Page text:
United Kingdom

New law could end rental bans on children and benefits

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A family with a dog sitting on the floor surrounded by moving boxes

Landlords could soon be banned from barring children and people on benefits from their properties – but with rental properties in short supply, it may not have much of an effect.

Bans on families may sometimes be justified – for example, a small property where renting to a family would cause statutory overcrowding. But the government is now looking into tightening up the rules on when and how landlords and agents can impose them.

The UK and Scottish governments are working on a joint law preventing blanket bans that would apply in both countries. According to Michael Gove, Secretary of State for Levelling Up, Housing and Communities, it would “send a clear message to providers”.

Having children can reduce the number of properties available to a tenant. A recent BBC investigation of property advertisements found that 24% of OpenRent listings exclude families from renting the property. Meanwhile, on Zoopla, less than 1% of listings barred families. For their part, property platforms such as Zoopla and Rightmove ban agents from including “no DSS” in adverts, while OpenRent allows landlords to list properties as “Accept DSS Income”.

What would a new law mean for renters?

A new law may not actually change much. Letting agents and landlords have already lost court cases for barring tenants on benefits from their properties. The Property Ombudsman, one of England’s two redress schemes, has also told its letting agent members that they can’t include blanket bans on children in property listings without good reason.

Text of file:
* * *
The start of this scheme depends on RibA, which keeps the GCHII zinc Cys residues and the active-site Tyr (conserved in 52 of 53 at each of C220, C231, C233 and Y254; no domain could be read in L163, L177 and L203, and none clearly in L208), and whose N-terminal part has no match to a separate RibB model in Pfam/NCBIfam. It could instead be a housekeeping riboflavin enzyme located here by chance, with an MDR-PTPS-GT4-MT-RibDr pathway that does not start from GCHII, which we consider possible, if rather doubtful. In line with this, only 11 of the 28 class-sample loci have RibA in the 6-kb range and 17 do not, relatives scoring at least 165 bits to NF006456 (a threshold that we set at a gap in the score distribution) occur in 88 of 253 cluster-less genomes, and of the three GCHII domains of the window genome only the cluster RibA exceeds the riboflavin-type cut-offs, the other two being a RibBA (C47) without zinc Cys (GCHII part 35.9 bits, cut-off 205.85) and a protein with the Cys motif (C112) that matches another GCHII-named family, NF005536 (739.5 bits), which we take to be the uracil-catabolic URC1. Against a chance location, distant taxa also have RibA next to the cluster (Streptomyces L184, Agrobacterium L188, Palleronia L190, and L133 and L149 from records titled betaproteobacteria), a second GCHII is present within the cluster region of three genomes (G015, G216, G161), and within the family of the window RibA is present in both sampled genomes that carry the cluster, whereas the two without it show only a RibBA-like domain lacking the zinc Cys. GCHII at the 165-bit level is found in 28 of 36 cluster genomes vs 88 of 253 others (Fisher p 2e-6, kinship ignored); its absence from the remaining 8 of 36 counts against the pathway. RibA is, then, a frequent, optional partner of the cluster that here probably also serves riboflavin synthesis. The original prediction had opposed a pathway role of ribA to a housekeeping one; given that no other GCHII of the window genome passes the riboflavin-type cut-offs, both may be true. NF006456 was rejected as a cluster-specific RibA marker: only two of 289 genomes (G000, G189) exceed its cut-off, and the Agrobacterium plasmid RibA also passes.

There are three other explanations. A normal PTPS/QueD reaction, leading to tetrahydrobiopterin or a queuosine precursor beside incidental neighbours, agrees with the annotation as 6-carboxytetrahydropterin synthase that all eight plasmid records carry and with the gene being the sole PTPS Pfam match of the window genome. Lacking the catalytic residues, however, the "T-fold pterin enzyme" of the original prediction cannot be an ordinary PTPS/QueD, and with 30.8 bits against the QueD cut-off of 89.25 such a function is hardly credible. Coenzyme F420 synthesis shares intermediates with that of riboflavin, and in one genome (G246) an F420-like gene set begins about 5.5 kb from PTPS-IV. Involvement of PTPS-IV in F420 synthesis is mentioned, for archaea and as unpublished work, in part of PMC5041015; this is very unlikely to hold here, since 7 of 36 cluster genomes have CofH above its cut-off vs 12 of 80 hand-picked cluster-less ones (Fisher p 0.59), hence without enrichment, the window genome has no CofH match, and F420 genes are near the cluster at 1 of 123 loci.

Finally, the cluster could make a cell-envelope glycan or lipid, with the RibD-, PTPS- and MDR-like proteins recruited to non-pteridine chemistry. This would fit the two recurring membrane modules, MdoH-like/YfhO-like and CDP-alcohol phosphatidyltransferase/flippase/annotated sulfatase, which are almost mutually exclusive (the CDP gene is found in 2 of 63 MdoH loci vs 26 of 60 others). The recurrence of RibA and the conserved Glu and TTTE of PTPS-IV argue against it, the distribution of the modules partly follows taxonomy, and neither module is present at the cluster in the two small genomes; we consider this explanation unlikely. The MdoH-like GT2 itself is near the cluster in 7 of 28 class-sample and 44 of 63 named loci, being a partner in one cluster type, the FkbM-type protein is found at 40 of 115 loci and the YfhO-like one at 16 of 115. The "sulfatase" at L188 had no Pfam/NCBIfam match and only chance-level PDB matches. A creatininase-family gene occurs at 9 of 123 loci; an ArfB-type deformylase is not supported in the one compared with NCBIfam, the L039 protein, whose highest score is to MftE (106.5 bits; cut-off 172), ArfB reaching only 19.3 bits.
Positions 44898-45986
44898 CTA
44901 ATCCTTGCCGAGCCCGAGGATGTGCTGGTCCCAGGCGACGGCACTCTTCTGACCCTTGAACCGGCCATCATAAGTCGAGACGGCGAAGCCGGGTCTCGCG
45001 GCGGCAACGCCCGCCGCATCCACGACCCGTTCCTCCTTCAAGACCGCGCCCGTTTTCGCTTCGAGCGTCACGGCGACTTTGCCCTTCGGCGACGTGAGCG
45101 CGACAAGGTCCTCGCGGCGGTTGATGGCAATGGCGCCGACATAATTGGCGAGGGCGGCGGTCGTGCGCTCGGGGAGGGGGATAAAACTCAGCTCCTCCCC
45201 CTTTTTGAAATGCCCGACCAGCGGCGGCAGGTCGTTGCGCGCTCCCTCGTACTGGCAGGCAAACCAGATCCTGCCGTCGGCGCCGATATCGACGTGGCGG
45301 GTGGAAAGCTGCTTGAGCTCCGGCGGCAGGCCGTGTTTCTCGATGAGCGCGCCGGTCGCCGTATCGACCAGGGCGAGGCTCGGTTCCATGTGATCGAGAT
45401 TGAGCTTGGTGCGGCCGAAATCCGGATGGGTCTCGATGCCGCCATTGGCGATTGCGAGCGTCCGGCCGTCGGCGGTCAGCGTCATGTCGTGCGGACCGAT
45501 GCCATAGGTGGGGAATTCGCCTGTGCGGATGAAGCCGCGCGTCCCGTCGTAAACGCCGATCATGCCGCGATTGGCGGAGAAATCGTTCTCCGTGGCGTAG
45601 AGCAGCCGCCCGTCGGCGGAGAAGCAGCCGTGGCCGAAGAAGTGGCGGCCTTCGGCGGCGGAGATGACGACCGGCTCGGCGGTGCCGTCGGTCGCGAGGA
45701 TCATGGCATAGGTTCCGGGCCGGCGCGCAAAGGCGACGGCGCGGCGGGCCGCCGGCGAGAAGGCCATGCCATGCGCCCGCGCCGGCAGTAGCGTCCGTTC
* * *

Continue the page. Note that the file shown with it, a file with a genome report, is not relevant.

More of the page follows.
But despite these rulings, finding a property to rent can still be tough for tenants on benefits. According to the Institute for Fiscal Studies, Local Housing Allowance (LHA) covers just 5% of the advertised rents on Zoopla – down from 23% when rates were frozen in 2020. That leaves the 38% of tenants who receive housing benefits competing for a very small pool of properties.

Meanwhile, high demand for properties means that landlords and agents can pick the least risky tenants from a large pool of applicants.

A spokesman for the Scottish government said that LHA rates should be reviewed as part of the policy, which could improve the outlook for claimants if it happens. But the UK government has said that it plans to continue the freeze.

Other national headlines

Landlord removed from register succeeds in challenge – Scottish Housing News

Expectations for housing market in Wales deteriorate – Business News Wales

NI housing market: number of sales fall by almost one fifth – BBC

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